COMPENDIUM OF PROMISING PRACTICES TO REDUCE VIOLENCE AND INCREASE SAFETY OF ABORIGINAL WOMEN IN CANADA – COMPENDIUM ANNEX: DETAILED PRACTICE DESCRIPTIONS
INTERACTIONS WITHIN COMMUNITIES
Healthy Relationships: Children and Youth
- Program name:
Spirit Movers and Fire Keepers Youth Program
- Target Group:
- Contact Name:
The program has been running since 1999 and has grown steadily in size over the years.
- Goals & Objectives:
To provide youth with awareness, knowledge, information and teachings about Aboriginal culture, and to promote and initiate the development of healthy friendships and relationships with other youth, free from violence and abuse.
- Traditional/Indigenous ways:
The program offers support and advocacy to clients, which balances the needs of the mind, body, and spirit, to develop, maintain and promote healthy lifestyles; provides youth with opportunities to develop pride and respect for their Aboriginal culture. Youth are encouraged to learn and participate in cultural activities. Traditional teachings are woven through all aspects of the program.
- Components of program:
The program supports and provides at-risk Aboriginal youth with access to their culture, through sacred teachings and by promoting holistic healing. In doing so, they are able to promote links between Aboriginal and non-Aboriginal organizations and services in the context of a community framework of healing. The program also encourages and facilitates the healing of relationships between youth and their biological and extended families. A large focus of the program entails maintaining contact with incarcerated youth and helping them remain in contact with their families.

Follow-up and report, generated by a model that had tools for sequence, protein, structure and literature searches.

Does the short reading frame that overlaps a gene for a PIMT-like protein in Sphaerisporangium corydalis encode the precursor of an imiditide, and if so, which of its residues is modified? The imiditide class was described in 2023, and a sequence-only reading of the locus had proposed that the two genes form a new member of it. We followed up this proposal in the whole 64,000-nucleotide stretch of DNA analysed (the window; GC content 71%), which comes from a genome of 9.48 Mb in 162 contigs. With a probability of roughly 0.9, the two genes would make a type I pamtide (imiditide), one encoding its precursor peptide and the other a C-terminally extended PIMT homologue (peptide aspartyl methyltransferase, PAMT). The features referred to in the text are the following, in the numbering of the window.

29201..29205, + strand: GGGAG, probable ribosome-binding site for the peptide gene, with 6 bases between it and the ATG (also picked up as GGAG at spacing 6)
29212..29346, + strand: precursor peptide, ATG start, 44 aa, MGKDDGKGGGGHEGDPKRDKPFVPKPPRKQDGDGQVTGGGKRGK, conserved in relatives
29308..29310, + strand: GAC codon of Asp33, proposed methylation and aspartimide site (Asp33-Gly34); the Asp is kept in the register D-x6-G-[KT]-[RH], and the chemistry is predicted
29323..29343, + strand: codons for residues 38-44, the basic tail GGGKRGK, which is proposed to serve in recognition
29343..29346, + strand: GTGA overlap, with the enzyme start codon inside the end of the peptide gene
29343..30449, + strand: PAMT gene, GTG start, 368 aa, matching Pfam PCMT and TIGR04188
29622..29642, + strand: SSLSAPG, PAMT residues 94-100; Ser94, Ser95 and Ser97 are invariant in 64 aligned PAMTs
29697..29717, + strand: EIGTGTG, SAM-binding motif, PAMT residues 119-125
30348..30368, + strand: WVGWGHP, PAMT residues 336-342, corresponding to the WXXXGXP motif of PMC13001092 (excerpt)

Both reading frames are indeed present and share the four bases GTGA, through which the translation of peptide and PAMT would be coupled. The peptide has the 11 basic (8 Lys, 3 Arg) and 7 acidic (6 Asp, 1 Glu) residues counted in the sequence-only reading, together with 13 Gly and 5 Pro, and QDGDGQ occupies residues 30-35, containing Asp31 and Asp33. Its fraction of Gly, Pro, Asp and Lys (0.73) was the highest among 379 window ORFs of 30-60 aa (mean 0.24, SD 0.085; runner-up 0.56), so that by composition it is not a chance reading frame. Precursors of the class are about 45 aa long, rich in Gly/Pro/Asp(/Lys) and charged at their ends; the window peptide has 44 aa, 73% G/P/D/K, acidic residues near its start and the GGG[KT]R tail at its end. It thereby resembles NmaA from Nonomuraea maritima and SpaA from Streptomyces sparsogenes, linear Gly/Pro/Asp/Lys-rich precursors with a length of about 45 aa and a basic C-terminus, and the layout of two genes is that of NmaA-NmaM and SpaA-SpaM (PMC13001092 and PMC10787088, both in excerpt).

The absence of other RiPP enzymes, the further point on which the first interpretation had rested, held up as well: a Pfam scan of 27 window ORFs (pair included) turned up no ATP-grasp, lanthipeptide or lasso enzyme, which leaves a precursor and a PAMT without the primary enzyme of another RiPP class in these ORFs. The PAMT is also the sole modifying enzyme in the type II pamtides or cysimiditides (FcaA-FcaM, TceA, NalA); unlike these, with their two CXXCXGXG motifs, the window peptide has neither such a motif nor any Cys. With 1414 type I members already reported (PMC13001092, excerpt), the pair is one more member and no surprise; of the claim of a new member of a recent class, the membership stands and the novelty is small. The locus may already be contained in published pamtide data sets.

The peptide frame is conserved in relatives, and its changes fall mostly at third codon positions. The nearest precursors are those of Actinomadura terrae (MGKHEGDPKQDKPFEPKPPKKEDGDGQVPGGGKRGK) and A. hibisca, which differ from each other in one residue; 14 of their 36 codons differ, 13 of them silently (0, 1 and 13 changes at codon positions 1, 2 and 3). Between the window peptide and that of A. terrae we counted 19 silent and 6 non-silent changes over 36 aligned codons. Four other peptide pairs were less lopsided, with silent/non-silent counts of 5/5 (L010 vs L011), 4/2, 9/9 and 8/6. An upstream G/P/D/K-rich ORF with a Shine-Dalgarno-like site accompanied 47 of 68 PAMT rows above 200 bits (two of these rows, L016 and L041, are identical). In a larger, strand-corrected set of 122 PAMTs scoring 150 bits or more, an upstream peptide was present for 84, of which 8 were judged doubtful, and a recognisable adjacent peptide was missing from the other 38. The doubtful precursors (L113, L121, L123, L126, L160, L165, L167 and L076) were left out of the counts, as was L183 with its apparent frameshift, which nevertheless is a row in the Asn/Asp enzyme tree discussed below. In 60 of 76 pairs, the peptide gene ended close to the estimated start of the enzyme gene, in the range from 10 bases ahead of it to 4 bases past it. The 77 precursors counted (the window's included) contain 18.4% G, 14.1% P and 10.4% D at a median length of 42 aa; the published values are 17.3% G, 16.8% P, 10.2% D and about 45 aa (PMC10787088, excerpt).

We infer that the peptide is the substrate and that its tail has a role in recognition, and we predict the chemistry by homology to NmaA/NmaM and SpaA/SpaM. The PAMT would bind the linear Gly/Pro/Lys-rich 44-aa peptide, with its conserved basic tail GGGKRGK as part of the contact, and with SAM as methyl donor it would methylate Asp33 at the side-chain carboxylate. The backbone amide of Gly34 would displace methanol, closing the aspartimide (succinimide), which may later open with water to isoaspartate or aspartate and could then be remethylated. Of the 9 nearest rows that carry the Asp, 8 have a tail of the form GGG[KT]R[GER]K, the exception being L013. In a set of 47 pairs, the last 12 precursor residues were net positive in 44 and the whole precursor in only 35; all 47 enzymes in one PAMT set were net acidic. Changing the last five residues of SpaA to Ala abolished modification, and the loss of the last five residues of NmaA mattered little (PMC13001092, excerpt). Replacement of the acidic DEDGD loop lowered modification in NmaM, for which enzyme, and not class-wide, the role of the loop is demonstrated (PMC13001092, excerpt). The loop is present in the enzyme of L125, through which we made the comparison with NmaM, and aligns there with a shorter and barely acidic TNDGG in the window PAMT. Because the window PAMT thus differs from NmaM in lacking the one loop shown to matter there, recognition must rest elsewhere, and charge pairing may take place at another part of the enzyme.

- Services/How they work:
Services are provided on site at the facility or off site at various locations in the community.
Funding is provided by the City of Ottawa.
Relationships and Stakeholders
- Involvement of Target Groups:
The program is a parent co-operative and parents are heavily involved in the development of the program. Caregivers are asked to provide a "must have" list and a "wish" list for the program and programs are developed from this feedback to meet their needs.
Children's Aid Society; Makonsag Aboriginal Head Start Inc.; Tewegan Transition House; Tungasuvvingat Inuit; Native Women's Association of Canada; City of Ottawa Public Health; Ottawa Public Library; Ottawa Inuit Children's Centre; Odawa Native Friendship Centre; Wabano Centre for Aboriginal Health.
- Other relationships:
Details of Program Evaluation
An evaluation has been completed.
- Highlights of Evaluation Findings:
The report was not made available publicly, and no specific results can be provided.N/A
- Measures of Success:
Success is measured by the number of client cases that are closed.
Seeing adults who first came in as children come back as adults in a better state than their own parents.
The program is under staffed. Youth find it difficult to take advantage of the program because they must be labelled as "high risk" in order to become clients.
Things to Know to Replicate
- Replication Advice:
The program is considered replicable. Program organizers would need to be open to traditional support methods given in an Aboriginal context.
Adequate funding, properly trained staff and facility space for the programming would be necessary to ensure the program's success.
- Date modified: